Salisbury Township officials plan to develop an ordinance that should help firefighters, police and even public works department recoup some costs when responding to emergencies.
It’s all about third-party billing.
The goal is for the township’s volunteer fire departments, as well as its police and public works departments, to have the authority of the township behind them when they seek to recover costs from insurance companies.
The proposal was suggested at Thursday night’s township meeting by Salisbury Commissioner James Seagreaves, who is a captain and vice president with the Eastern Salisbury Fire Department.
“This would help us with the ability to collect,” said Seagreaves, adding the two township fire departments now are losing revenue.
A township ordinance still won’t guarantee they will get payment, he said, but it will give them extra leverage.
“Our existing ordinance covers oil spill reimbursement costs for the volunteer fire departments, but that’s the extent of it,” township manager Randy Soriano told Salisbury commissioners.
Soriano said Salisbury’s fire departments have no township authority behind them to charge for any other costs except oil spills.
“We’d like to expand it to every call that we go on, so we can bill for time and material,” said Seagreaves
He stressed that does not mean someone who has a house fire would receive a bill from the township fire company that extinguished it. He said the fire departments only bill insurance companies, not residents.
Seagreaves said the current problem is that the fire departments don’t have anything they can produce showing they have the township backing their efforts to recover the costs of time and materials expended on fires, accidents, rescues or search and rescues.
While commending the commissioner’s suggestion, Police Chief Allen Stiles recommended a resolution or ordinance be adopted that would include the volunteer fire companies, police department and public works together “so that the township would not suffer a loss that falls back on the taxpayers.”
Stiles told commissioners the police department gets involved in responding to crashes on the section of Interstate 78 that runs through the township.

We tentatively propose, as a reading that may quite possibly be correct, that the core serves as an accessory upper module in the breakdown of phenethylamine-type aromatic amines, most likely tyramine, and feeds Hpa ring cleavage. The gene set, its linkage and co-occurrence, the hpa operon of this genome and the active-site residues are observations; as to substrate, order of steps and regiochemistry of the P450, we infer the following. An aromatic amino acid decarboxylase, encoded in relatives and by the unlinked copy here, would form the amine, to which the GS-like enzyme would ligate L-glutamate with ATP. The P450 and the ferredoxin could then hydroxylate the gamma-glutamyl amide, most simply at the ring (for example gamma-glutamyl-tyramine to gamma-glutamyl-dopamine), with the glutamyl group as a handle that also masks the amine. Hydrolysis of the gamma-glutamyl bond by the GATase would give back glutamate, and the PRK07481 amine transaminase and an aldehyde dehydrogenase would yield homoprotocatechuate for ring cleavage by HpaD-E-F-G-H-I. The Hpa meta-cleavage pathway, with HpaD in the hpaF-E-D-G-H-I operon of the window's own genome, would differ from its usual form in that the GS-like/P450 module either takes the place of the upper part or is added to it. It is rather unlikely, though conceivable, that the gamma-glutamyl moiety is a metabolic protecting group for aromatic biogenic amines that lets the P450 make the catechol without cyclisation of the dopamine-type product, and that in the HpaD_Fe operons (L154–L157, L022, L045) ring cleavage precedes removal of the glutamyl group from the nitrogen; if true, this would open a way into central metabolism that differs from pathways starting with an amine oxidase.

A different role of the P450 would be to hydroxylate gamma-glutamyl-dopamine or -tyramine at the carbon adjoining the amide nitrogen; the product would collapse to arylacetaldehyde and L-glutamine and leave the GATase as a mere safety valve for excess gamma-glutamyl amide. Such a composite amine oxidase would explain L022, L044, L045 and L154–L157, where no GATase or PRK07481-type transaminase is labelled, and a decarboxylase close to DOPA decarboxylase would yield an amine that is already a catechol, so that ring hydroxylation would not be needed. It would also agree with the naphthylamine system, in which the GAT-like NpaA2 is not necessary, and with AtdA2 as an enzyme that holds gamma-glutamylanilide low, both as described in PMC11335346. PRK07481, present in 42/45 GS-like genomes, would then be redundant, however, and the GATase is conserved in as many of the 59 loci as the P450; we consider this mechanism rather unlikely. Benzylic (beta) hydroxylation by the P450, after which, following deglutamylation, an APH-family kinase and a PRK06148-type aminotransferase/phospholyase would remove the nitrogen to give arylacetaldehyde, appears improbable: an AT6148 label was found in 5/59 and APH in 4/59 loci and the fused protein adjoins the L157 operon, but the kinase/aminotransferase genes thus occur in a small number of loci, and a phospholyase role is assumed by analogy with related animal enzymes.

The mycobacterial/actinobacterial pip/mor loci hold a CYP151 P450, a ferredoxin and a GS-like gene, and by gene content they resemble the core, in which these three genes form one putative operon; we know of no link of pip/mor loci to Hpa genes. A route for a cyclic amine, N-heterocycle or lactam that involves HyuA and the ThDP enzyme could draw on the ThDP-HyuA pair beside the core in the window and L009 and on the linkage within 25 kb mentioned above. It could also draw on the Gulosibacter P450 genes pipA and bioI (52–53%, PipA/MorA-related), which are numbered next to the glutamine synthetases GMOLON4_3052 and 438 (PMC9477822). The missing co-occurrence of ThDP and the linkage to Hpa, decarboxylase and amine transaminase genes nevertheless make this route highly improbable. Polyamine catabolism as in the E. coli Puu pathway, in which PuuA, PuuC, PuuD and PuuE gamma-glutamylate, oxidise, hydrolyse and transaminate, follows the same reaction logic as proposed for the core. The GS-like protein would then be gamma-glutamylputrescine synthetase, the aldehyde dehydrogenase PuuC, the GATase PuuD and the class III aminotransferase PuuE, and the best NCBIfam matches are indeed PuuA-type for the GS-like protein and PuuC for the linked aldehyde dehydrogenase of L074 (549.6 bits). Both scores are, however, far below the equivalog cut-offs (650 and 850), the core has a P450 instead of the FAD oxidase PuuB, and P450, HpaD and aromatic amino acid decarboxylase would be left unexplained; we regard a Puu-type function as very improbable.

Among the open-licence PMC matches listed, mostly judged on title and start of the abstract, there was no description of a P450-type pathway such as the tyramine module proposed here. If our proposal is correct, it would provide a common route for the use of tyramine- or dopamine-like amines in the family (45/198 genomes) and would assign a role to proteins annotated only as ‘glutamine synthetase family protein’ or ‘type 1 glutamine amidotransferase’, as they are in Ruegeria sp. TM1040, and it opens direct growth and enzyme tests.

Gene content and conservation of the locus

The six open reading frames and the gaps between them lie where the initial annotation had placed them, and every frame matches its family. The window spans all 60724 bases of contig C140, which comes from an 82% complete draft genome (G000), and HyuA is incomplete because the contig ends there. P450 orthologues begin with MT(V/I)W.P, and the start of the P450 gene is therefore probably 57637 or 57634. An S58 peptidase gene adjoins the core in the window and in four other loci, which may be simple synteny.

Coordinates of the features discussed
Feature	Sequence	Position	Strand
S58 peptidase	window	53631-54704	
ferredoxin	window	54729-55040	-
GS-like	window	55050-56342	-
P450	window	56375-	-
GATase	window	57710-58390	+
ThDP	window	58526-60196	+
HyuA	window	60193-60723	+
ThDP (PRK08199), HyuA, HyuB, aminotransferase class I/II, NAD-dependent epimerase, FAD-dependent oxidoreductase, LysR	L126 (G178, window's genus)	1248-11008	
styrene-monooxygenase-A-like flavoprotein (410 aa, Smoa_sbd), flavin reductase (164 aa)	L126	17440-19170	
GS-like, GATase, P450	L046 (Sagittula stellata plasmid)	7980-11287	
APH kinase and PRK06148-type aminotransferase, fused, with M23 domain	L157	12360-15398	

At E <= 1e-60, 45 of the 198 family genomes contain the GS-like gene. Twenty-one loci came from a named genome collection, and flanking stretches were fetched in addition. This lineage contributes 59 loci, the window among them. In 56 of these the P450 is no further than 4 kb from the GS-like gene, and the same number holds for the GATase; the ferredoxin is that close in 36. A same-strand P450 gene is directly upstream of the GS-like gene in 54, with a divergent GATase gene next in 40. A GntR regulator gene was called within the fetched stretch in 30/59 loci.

“It’s sometimes difficult for us to get our money back when we take care of haz-mat spills and so forth out there,” said the chief. “We are responsible as a township to pay for initial costs for haz-mat clean-up on I-78.”
He said the police department has been reimbursed by insurance companies for those costs, but it sometimes takes months.
Seagreaves said some fire companies in other local municipalities have resolutions backing their efforts to recover expenses. “It doesn’t necessarily have to be an ordinance.”
But Stiles recommended an ordinance, saying it would carry more weight.
Seagraves said the township’s two volunteer fire departments have a contract with a company called PA Fire Recovery Service that does their billing for them.
He explained the fire departments provide PA FRS with reports about costs when they respond to an emergency and that company submits those report to insurance companies for reimbursement.
He said some insurance companies pay, but many want to see “a copy of your resolution or ordinance saying that you as an entity of the township are allowed to bill for time and services.”
“We don’t have that,” said Seagreaves. “So they don’t pay it.”
He said PA FRS has advised the fire departments that they would be more successful in recovering money if the township had such an ordinance.
He later noted township public works personnel often get called out on middle-of-the-night emergencies, such as salting nearby roadways if firefighters are putting water on a blaze on a cold winter night.